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I Metric and one form

  1. Nov 20, 2017 #1
    Hello! I am a bit confused about how the metric transforms vector into one forms. If we have a 2-sphere and we take a point on its surface, we have a tangent plane there on which we define vectors at that point. A one form at that point is associated to a vector at that point through the metric on the sphere i.e. ##\omega_\mu = g_{\mu \nu} A^\nu##. However, if I understood this correctly, the tangent space is ##R^2##, in which the metric is ##diag(1,1)##. So if both the vectors and the one-forms (or tensors in general) are defined at a point, so in the tangent space at that point, why are they different than the ones in ##R^2## i.e. if in ##R^2## we would use the ##diag(1,1)## metric to go from vectors to one forms, why in the tangent space of a point on a sphere, which is also ##R^2##, we use the metric of the sphere and not ##diag(1,1)##? Thank you!
     
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  3. Nov 20, 2017 #2

    Orodruin

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    You cannot say that the metric in ##R^2## is ##{\rm diag}(1,1)##. First of all, this is a coordinate dependent (or, more generally, a basis dependent) statement. Second, a tensor is not equal to a matrix. However, you can represent the components of a tensor (given a basis) in matrix form.

    To answer your question, a one-form is a linear map from the tangent space to scalars. In the case of the metric, ##\omega_V(X) = g(X,V)## for some fixed vector ##V## is such a linear map and therefore ##\omega_V## is a one-form.
     
  4. Nov 20, 2017 #3
    Ok, I understand the first part. However for the second one, I still don't understand why do we use the metric defined on the sphere rather than the metric of ##R^2##, if the vectors and one-forms are defined in ##R^2##?
     
  5. Nov 20, 2017 #4

    Orodruin

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    The vectors and tensors are defined on the sphere, they are not tensors/vectors in ##R^2##. That the tangent space at each point is isomorphic to ##R^2## is a completely different story.
     
  6. Nov 20, 2017 #5
    Wait, isn't the tangent space on the sphere ##R^2##, i.e. a vector in there can't tell the difference between the tangent space and actual ##R^2##? So if want to calculate the distance between 2 points in that tangent space, don't we use the metric of ##R^2##?
     
  7. Nov 20, 2017 #6

    Orodruin

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    Yes, that is what I said.

    There is no metric on the tangent space because there is no notion of distance within the tangent space. The notion of distance is a notion on the manifold itself. This distance notion is given by the metric, which is a (0,2)-tensor on the manifold, meaning it maps two tangent vectors to a scalar.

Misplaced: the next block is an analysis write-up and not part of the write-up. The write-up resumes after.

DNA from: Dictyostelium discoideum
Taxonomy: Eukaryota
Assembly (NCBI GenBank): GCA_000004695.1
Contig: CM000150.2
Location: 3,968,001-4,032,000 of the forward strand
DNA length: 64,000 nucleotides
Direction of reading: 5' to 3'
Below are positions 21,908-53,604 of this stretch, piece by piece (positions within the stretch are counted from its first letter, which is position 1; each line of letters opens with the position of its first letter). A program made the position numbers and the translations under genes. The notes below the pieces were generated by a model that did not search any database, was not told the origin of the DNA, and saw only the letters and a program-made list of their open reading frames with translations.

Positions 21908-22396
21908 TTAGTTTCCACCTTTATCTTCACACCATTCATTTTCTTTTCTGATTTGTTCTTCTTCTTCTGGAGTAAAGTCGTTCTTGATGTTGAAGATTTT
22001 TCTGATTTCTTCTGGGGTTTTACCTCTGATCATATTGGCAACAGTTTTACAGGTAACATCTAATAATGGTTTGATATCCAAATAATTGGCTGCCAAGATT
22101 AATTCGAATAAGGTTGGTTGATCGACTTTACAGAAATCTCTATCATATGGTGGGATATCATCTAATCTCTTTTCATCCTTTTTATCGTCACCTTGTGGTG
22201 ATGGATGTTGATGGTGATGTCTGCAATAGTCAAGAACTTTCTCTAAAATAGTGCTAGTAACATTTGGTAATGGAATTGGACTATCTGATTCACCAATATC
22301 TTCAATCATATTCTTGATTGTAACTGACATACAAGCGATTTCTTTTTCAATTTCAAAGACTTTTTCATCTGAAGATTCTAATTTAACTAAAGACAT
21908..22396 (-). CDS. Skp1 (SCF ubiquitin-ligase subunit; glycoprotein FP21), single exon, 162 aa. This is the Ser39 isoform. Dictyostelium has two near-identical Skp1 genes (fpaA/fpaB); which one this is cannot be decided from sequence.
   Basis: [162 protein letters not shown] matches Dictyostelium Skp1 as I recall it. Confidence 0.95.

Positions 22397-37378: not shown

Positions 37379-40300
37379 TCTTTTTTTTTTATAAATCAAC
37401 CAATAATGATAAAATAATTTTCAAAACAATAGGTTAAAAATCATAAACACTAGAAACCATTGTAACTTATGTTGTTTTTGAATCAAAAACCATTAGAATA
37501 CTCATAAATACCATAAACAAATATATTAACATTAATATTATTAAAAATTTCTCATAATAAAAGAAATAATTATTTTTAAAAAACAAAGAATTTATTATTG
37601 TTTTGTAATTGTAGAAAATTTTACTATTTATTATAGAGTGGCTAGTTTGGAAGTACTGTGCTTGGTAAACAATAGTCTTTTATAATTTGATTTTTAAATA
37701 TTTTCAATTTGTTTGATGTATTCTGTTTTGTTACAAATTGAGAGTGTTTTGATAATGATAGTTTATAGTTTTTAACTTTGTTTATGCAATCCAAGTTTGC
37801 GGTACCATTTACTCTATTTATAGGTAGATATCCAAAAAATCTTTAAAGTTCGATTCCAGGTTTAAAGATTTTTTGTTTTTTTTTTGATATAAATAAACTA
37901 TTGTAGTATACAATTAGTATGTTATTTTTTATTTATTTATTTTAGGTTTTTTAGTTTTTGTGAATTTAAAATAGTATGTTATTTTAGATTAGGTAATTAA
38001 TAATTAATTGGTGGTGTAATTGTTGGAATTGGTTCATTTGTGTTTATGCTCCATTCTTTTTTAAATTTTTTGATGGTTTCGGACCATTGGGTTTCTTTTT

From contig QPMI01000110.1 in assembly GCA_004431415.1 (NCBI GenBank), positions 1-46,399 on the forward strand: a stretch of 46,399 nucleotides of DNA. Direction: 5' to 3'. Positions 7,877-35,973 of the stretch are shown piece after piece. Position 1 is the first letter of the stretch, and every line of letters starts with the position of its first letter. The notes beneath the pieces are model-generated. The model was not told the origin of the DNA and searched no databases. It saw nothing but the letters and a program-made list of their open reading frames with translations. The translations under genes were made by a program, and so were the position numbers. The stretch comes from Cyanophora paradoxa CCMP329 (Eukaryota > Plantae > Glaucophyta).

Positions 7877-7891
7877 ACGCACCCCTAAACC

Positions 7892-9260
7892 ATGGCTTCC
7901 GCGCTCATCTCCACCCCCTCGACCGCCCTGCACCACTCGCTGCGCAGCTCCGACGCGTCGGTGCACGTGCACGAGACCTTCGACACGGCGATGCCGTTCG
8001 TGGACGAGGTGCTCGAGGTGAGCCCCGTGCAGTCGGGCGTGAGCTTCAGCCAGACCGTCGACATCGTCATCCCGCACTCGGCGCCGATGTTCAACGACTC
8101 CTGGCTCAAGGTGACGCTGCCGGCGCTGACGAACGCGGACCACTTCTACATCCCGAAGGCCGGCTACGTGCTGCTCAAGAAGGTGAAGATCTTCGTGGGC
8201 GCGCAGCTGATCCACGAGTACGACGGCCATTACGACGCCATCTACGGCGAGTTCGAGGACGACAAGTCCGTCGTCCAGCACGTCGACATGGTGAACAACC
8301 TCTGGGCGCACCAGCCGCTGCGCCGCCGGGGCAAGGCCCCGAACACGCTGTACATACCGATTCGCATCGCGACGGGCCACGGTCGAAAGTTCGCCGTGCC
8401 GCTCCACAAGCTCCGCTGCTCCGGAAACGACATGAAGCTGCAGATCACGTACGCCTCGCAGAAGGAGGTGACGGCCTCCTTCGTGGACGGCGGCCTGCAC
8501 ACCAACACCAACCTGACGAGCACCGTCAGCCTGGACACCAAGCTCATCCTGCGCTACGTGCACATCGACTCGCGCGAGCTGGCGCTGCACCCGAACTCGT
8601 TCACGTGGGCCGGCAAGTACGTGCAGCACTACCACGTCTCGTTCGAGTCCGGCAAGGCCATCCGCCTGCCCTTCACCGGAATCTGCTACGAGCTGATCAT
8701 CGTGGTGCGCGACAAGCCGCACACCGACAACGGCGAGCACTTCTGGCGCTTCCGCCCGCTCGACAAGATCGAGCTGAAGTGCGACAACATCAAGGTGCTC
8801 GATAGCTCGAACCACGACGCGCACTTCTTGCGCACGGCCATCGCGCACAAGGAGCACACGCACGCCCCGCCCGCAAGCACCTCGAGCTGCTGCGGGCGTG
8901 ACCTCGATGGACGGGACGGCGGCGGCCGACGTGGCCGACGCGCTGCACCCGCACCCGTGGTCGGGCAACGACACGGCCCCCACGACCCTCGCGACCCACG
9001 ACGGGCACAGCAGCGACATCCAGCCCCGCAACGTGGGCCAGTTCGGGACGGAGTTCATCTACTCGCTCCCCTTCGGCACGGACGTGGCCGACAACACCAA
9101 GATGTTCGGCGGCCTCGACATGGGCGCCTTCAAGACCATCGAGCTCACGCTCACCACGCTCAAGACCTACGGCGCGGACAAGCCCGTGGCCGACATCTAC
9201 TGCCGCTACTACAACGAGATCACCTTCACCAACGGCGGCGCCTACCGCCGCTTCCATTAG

8. Nov 20, 2017 #7

    PeterDonis

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    Strictly speaking, they're defined on the tangent space at each point, correct?
     
  9. Nov 20, 2017 #8

    Orodruin

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    The tensors and vectors are certainly elements of the appropriate products of tangent (and cotangent) spaces. I would call a vector "on the sphere" a vector that is in ##T_p S^2##, where ##p## is some point on the sphere. When you say "metric on the sphere" you are clearly referring to a section of ##TS^2## (with certain properties). Since we are only talking a single point and not necessarily about vector fields, it would probably make more sense to talk about the point in question. In that respect, the metric at the given point of the sphere is the metric that determines lengths of vectors in the tangent space. The problem of the OP is somehow to think that there is a separate metric for the tangent space itself. I think this should have been resolved by the first part of #2.
     
  10. Nov 20, 2017 #9
    I think the confusion is caused by early training about vectors in the plane having a magnitude and angle. The vector space ℝ2 doesn't include these notions (is this why some authors prefer the term "linear space" instead of "vector space"?) The metric is induced on the tangent space by the embedding of the sphere in ℝ3. This is worked out in many elementary differential geometry books.
     
  11. Nov 21, 2017 #10

    Orodruin

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    Very likely. That and the fact that people like to use non-holonomic orthonormal bases in curvilinear coordinates. This gives the impression that the inner product is always the sum of the products of the components.

    This is the standard metric on the sphere. Technically there are other metrics you can impose as well (of course, they do not correspond to the one induced by the embedding). Regardless, I think it is fair to point out that one can always find a set of coordinates such that the metric does become diag(1,1).
     
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